He disputed Ward's account of the events leading up to the robbery and claimed that Ward, without warning, pulled the car to the side of the road and told defendant to "walk with me." He claimed that Ward stopped DiCristina and cornered her. He further denied any discussion of robbing anyone and did not know that Ward had a gun until he placed it against DiCristina's waist. Finally, he asserted that Ward threw the gun out of the car.
On appeal, defendant raises the following issues:
THE STATE FAILED TO PROVE BEYOND A REASONABLE DOUBT THAT THE DEFENDANT WAS GUILTY OF CONSPIRACY TO COMMIT ARMED ROBBERY AND ROBBERY; MAKING THE VERDICT OF GUILTY AGAINST THE WEIGHT OF EVIDENCE.
A. The Jury Erred in Finding The Defendant Guilty Of Robbery Where The Evidence Failed To Support The Elements Of The Statute.
B. The Jury Erred In Finding The Defendant Guilty of Conspiracy to Commit Robbery Where The Evidence Was Insufficient To Establish An Agreement.
THE TRIAL COURT ABUSED ITS DISCRETION IN FAILING TO DEVIATE FROM THE PRESUMPTIVE TERM OF IMPRISONMENT AND IMPOSE A PROBATIONARY SENTENCE.
Addressing defendant's first argument that the verdict was against the weight of the evidence, we first set forth some basic principles that inform our decision.
When reviewing a verdict, great deference is afforded to the decision of a jury. See State v. Davis, 229 N.J. Super. 66, 81 (1988); State v. Afanador, 134 N.J. 162, 178 (1993). A reviewing court must sift the evidence to determine whether a jury could have rationally found that the essential elements of the crime were proved beyond a reasonable doubt. Afanador, supra, 134 N.J. at 178. Even if the State's evidence was equivocal, "a reviewing court should not overturn the findings of a jury merely because the court might have found otherwise if faced with the same evidence." Id. "Unless no reasonable jury could have reached such a verdict, a reviewing court must respect a jury's determination." Id.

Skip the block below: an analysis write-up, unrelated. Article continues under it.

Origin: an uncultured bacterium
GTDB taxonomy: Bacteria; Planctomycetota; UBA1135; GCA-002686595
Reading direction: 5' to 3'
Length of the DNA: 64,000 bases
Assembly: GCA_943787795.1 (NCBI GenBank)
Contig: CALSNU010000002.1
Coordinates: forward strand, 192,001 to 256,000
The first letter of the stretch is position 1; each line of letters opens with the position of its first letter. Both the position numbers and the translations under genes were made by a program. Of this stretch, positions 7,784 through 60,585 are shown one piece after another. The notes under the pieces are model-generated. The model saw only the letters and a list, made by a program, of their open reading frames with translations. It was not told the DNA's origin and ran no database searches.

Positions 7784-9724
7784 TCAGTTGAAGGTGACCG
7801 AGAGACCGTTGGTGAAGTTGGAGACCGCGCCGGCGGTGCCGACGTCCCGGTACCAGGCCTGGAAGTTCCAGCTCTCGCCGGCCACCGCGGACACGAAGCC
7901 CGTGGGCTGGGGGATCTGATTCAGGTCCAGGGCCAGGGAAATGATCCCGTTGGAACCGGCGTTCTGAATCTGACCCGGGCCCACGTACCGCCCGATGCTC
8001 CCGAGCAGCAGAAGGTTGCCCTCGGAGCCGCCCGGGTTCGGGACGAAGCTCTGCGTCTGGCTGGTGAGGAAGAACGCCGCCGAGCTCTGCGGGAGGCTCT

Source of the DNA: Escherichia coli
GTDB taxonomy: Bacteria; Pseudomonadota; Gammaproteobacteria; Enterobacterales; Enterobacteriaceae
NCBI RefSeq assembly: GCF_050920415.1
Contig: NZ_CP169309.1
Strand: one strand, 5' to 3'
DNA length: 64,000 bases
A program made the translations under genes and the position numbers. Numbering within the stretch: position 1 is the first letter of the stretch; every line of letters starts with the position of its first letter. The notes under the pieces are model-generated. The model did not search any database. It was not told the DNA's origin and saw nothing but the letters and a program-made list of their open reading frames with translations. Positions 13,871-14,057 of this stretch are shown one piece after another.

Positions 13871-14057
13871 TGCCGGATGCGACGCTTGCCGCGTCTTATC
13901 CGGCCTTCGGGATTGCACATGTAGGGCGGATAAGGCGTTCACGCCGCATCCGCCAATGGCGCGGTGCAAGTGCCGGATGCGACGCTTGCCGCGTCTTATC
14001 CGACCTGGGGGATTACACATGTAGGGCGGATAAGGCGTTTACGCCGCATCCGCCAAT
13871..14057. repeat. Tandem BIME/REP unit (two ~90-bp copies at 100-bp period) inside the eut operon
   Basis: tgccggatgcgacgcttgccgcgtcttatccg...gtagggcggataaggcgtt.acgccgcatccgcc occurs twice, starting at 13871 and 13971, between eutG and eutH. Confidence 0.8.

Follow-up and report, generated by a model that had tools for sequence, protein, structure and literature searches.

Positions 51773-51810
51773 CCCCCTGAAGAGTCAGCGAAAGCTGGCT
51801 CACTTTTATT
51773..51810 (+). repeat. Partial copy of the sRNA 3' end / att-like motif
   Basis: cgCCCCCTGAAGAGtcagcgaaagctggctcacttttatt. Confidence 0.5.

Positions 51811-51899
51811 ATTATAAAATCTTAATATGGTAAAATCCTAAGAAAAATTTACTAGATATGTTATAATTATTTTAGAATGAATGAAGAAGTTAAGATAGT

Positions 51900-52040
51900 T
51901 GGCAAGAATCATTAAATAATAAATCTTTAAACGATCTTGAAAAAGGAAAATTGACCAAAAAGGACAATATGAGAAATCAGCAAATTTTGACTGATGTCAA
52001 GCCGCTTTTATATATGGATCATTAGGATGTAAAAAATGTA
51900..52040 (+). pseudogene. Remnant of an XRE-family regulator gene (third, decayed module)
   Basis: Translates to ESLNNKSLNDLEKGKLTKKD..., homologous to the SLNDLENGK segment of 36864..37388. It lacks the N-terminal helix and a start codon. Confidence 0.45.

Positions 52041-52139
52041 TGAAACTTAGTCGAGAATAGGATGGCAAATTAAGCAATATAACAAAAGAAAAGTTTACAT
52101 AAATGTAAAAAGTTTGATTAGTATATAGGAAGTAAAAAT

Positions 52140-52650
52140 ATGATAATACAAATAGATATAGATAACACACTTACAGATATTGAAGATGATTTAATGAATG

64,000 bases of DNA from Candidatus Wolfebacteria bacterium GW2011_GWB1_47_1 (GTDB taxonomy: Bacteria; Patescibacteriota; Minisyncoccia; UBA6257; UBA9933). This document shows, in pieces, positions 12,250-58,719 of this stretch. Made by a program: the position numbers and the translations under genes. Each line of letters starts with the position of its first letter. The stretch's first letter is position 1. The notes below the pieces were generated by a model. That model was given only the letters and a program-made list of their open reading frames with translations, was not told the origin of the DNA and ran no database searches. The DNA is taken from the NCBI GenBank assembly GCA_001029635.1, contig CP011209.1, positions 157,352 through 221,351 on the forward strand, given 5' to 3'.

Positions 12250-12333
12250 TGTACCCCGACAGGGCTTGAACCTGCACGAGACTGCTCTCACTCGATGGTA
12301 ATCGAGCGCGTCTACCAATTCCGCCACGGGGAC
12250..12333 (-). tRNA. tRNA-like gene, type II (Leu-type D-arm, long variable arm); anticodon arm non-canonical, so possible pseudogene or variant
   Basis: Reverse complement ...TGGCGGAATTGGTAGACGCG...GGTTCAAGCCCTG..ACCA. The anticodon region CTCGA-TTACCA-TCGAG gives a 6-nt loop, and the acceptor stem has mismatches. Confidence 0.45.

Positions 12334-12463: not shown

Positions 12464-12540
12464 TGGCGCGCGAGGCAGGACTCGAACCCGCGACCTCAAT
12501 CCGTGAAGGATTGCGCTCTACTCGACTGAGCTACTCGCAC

Our review of the record leads us to conclude that the evidence against defendant was significant. The jury had the opportunity to assess not only the credibility of the State's witnesses but defendant as well. Moreover, the jury had before it explicit testimony from Ward as to the planning and implementation of the robbery. While defendant challenged and contradicted the bona fides of Ward's version, the jury was able to judge credibility and render a verdict based on the evidence before it.
We also reject defendant's argument that there was insufficient evidence to support a finding of guilt as to second-degree robbery and second-degree conspiracy. To the contrary, the jury heard testimony that defendant wielded a handgun and threatened DiCristina resulting in the robbery of her purse. See State v. Lopez, 187 N.J. 91, 98 (2006) (holding that among the elements of robbery are (1) theft; (2) intimidating or assaultive conduct; (3) the intimidating or assaultive conduct must have occurred during the theft; and (4) defendant must have acted purposely). Moreover, testimony revealed that defendant and Ward discussed and agreed on the robbery beforehand, including specific details regarding the commission of the crime.
As to defendant's sentence, we have carefully reviewed the record and find that defendant's arguments are without merit. R. 2:11-3(e)(2). We agree with the trial judge that the aggravating factors outweighed the mitigating factors; moreover, the judge properly rejected defendant's arguments as to additional mitigating factors.